He worked hard on his game, talked to the other guys about what he was doing wrong and why he wasn’t winning enough. That summer, he won $520k in Event 1 of the World Series of Poker. From then on the world has seen what a great player James is, with beautifully controlled aggression, and impeccable timing – retaining his fearlessness, but only using it when it’s required.

Funnily enough, the friendship I built up with James leads me to another superstar of the game who when he first came on the scene had more gamble in him than just about anyone I’d ever played.

It was August 2009 and I’d made it to day two of the GUKPT Main Event in Luton. I found my table and it just so happened that two of my mates were on it too, James and Nick Gibson. Nick texted us both as we were unbagging, asking if we knew much about the rest of the table as he didn’t really recognise anyone.

I replied saying the young lad in between me and James was a real handful, pretty good but never slows down so pretty easy to catch – just be aware that every time you three-bet he’ll four-bet, every button he’ll three-bet, most pots that are unopened he’d open, so on and so forth.

James started laughing and text a reply to us both along the lines of:
‘The ginger kid? He’s an absolute donk, played with him on day one and never seen anyone get it in so bad so often and get there. He’ll be back working in McDonald’s before the first break.’

That ‘ginger kid’ was Chris Brammer.

I’d played with Chris in a couple of side events on the GUKPT and had seen how ridiculously aggressive he played. He put everyone under pressure, not least himself, by basically raising every time the action was on him. He tried moves that simply couldn’t work, raising rivers representing hands so specific that it would take longer to work out what he was repping than it took the stubborn old boys to say ‘f**k it, I call’.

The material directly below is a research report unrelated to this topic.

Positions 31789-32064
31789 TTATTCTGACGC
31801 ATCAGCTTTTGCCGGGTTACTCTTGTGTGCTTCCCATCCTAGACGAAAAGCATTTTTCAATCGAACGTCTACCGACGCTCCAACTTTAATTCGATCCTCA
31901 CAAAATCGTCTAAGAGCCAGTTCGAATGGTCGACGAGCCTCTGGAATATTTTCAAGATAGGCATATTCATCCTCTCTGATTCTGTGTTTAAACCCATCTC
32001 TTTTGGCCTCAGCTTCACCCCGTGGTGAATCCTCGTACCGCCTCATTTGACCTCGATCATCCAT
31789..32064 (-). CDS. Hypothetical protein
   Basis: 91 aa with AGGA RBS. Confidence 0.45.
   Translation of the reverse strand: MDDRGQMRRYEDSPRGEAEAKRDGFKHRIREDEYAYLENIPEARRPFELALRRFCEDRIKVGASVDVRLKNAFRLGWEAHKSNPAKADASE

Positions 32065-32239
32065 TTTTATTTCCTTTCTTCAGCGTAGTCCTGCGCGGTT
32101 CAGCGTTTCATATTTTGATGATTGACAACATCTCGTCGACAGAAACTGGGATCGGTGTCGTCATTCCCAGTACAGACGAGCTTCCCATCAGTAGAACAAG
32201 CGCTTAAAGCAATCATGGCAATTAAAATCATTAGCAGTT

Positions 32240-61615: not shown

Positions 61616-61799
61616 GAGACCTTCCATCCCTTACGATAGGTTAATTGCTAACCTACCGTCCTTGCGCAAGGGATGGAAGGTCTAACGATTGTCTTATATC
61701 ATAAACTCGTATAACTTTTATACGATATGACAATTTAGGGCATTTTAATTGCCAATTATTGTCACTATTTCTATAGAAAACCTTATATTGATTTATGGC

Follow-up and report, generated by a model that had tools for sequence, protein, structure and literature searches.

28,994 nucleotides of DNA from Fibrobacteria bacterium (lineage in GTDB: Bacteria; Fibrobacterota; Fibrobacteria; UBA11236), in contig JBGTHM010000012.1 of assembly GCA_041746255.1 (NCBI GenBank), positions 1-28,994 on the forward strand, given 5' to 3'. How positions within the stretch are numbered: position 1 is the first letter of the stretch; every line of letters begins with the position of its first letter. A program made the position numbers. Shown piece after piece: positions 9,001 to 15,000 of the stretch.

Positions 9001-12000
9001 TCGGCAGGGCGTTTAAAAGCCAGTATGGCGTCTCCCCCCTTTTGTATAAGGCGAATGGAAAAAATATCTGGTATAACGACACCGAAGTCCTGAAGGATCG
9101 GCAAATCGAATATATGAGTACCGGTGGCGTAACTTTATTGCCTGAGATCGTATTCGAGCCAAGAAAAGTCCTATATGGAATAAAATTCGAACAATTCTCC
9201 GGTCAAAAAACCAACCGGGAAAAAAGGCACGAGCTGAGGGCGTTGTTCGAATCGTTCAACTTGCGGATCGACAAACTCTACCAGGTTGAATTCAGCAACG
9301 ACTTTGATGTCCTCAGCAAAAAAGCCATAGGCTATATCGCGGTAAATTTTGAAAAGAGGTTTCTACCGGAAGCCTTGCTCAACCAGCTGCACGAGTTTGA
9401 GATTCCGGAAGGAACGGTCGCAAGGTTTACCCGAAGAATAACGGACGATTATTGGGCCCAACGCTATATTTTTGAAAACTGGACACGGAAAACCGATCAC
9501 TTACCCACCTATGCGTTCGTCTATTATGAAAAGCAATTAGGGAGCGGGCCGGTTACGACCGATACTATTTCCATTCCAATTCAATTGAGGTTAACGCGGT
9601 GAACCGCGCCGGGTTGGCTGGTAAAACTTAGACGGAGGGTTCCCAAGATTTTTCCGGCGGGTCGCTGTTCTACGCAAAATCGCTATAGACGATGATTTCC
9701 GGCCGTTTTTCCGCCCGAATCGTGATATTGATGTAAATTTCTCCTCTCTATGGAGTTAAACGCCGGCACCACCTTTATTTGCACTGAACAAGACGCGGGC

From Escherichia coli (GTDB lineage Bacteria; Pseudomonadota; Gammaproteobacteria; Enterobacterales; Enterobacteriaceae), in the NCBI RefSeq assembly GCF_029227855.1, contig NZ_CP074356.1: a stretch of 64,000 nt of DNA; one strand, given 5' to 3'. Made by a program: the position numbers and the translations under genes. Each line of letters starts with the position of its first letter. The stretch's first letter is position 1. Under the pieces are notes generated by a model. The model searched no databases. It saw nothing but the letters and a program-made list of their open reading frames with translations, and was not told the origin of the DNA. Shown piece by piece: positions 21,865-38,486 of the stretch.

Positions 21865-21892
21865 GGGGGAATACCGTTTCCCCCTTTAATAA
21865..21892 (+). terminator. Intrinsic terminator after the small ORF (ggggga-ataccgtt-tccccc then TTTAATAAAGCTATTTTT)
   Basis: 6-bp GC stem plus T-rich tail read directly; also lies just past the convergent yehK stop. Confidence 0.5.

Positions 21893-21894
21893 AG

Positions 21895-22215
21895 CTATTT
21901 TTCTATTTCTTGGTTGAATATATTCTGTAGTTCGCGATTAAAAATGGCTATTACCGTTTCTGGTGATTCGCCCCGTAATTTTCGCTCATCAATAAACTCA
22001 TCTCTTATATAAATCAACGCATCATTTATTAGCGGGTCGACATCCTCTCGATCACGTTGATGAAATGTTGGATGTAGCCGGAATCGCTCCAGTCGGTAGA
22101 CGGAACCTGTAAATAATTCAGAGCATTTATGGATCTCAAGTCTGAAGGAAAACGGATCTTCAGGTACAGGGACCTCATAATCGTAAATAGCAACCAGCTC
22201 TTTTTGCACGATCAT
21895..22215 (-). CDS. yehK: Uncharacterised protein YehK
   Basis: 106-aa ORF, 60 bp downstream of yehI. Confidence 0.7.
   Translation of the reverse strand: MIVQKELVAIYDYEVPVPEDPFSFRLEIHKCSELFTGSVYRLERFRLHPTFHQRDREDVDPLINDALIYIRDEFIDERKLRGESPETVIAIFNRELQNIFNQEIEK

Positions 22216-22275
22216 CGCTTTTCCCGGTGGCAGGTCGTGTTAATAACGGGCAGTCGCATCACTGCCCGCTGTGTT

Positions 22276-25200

We thought the Scandinavians were aggressive in those days, but Brammer was like a Scandi who’d been on the ale all night and come home to find his wife had left him. And taken the dog.

Sure enough, Chris soon busted on that day two. Having said that, I often thought of that conversation as I got to know Chris and what a great player he became.

Two or three years later I was on a night out with both James and Chris among others. By then Brammer was tearing it up both live and online, and was and still is one of the most feared tournament players around. I remembered how little James rated Bram’s game back then, and as the three of us shared a beer I told Chris about that text conversation.

“To be fair, the way I played in those days, he was probably right!” he answered, surprisingly honestly. “I was an absolute loon, no idea about bet sizing, live reads, spotting opportunities… just loved getting it in.” To be fair, that’s a pretty reasonable summary.

I’ve seen all the stars of UK poker come through, and remember playing with them all very early in their careers. The likes of Sam Trickett and Toby Lewis were just natural talents, and didn’t seem to need to do any adapting or hone their skills – just started winning tournaments from day one.

Jake Cody and Chris Moorman had played a lot of tournaments online, and came to live poker with the attitude that they’d have to slow down because no one ever folds live, and old guys always have it.

James and Chris aren’t the only two young players I’ve seen come through who play far too wild to make playing poker professionally sustainable. There have been tens of kids who think that aggression equals profit and played as aggro as they can, but most of them fall by the wayside.

What stands them apart is the work they did to rein in their natural aggression. They managed to find the ability to switch down gears rather than playing at 100mph at all times, and a developed a flair for incorporating factors such as live reads and opponents’ tendencies into their thinking before making moves. These two supper aggro players became two of the best tournament players around, but must have come close to being lost to poker if they didn’t change.

So next time someone tells me they play too tight and have trouble sealing the win in tournaments, rather than tell them I think it’s easier to open up a rock then try and tame a LAG, I’m going to tell them that you can’t win at poker without being aggressive. But like everything, there’s a time and a place.

Tags: Jeff Kimber